ESSC/CISESS Scientist Jianping Mao is first author on a new paper in Geophysical Research Letters titled “Measuring Atmospheric CO2 Enhancements From the 2017 British Columbia Wildfires Using a Lidar”.
Wildfires are a major source of greenhouse gases. However, there are large uncertainties in the estimated CO2 emissions from wildfires in global emissions inventories. Smoke in the scene can degrade the estimates of column-averaged CO2 from satellite measurements using passive remote sensing techniques. Mao and his colleagues from NASA Goddard Space Flight Center have developed an integrated-path, differential absorption lidar approach to measure XCO2 from space. This new method allows accurate estimations even in the presence of dense smoke plumes. This is the first use of lidar to remotely sense CO2 enhancements from large wildfires. These types of lidar measurements can be used to validate estimates of CO2 emissions from wildfires and improve estimates of carbon fluxes.
Dr. Jianping Mao graduated from the University of Maryland at College Park. He is a mission-oriented research scientist for NASA’s Earth Science Enterprise. Over the past two decades, he has been dedicating to developing remote sensing techniques to observe changes of atmospheric CO2 and CH4, the two most important anthropogenic greenhouse gases that have long been understood to exert a critical influence on Earth’s climate. Meanwhile, he has a passion for community services. He served as Chairman on the Board of Directors in the Howard County Chinese School. He has also served as president and vice president of the NASA Goddard Chinese American Club and a member in the NASA Goddard Asian Pacific American Advisory Committee for the past decade. He has won several NASA awards, including NASA Robert H. Goddard Award for Diversity and Equal Employment Opportunity.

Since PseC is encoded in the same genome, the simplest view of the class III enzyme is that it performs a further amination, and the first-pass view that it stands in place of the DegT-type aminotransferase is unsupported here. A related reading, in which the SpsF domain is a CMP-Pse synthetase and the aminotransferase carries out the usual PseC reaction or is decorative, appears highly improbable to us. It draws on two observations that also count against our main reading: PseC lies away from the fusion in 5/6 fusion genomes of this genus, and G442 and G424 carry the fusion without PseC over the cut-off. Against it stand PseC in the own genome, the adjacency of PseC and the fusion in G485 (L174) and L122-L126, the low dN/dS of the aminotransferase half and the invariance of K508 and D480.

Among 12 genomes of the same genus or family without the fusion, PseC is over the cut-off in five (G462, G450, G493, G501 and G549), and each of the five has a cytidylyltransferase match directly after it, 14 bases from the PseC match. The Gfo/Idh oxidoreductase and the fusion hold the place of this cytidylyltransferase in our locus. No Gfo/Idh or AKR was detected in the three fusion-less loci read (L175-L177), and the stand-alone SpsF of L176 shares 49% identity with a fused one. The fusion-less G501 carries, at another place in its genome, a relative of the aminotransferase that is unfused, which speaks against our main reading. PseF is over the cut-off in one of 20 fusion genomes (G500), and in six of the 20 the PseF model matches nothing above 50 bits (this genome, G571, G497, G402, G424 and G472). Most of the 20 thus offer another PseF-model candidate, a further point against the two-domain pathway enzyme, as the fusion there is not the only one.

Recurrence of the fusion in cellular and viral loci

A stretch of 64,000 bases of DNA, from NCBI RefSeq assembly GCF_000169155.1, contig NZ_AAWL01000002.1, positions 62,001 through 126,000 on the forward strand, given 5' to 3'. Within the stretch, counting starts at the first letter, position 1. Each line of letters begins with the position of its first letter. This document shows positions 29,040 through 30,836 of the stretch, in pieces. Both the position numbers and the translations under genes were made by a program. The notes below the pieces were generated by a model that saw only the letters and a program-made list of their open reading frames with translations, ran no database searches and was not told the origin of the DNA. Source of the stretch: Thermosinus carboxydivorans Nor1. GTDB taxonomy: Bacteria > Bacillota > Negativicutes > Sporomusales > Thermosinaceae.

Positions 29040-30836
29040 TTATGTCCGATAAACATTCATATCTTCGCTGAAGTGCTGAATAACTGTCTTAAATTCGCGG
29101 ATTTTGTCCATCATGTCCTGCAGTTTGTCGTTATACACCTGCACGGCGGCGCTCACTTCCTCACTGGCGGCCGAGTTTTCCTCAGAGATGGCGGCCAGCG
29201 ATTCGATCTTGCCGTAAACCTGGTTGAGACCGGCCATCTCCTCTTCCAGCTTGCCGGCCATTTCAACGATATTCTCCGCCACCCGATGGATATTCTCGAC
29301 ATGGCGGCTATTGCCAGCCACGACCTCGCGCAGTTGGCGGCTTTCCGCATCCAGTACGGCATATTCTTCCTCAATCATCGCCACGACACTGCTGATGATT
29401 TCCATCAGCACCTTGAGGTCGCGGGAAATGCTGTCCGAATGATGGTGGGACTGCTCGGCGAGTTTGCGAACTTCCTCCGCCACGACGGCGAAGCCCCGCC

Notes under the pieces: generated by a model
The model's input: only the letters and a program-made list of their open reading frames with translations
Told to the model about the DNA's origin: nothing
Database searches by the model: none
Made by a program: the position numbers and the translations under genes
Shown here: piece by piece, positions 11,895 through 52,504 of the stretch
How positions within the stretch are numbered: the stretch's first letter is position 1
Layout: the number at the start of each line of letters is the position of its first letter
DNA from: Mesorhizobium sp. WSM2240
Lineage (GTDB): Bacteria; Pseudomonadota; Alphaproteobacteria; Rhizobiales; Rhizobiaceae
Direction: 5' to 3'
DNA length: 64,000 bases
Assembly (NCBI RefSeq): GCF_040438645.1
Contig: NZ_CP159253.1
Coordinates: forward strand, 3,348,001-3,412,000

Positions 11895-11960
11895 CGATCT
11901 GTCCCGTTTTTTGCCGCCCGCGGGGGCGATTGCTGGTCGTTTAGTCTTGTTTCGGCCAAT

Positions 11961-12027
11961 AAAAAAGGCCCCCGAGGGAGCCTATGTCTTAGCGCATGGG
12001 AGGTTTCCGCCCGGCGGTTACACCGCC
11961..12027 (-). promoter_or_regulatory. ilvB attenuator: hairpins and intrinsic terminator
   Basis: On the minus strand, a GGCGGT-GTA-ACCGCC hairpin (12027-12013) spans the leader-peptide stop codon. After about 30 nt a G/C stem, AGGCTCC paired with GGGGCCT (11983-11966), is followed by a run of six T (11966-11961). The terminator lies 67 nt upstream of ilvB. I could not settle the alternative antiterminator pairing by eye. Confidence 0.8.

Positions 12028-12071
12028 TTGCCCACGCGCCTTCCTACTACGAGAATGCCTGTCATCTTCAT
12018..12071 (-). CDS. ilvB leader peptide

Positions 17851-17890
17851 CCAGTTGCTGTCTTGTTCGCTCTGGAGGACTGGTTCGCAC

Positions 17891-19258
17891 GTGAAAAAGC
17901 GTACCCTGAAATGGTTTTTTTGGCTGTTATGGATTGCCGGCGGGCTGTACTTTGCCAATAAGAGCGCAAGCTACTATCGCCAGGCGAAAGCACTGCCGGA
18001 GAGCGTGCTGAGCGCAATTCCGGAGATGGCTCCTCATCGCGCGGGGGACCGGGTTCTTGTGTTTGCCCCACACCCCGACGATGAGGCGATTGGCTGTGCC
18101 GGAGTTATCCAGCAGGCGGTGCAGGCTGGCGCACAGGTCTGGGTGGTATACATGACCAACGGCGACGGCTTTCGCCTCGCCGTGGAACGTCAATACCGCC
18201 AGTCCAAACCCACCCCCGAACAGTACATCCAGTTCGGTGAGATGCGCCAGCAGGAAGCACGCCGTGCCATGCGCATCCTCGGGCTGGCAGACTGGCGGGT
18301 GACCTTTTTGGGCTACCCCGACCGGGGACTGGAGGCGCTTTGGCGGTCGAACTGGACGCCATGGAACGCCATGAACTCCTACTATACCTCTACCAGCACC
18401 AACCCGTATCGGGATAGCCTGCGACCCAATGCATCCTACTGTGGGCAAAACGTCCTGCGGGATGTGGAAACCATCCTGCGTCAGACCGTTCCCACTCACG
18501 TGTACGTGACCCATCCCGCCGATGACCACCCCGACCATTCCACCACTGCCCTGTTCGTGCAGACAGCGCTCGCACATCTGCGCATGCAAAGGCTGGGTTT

To access the paper, click here: “Measuring Atmospheric CO2 Enhancements From the 2017 British Columbia Wildfires Using a Lidar”.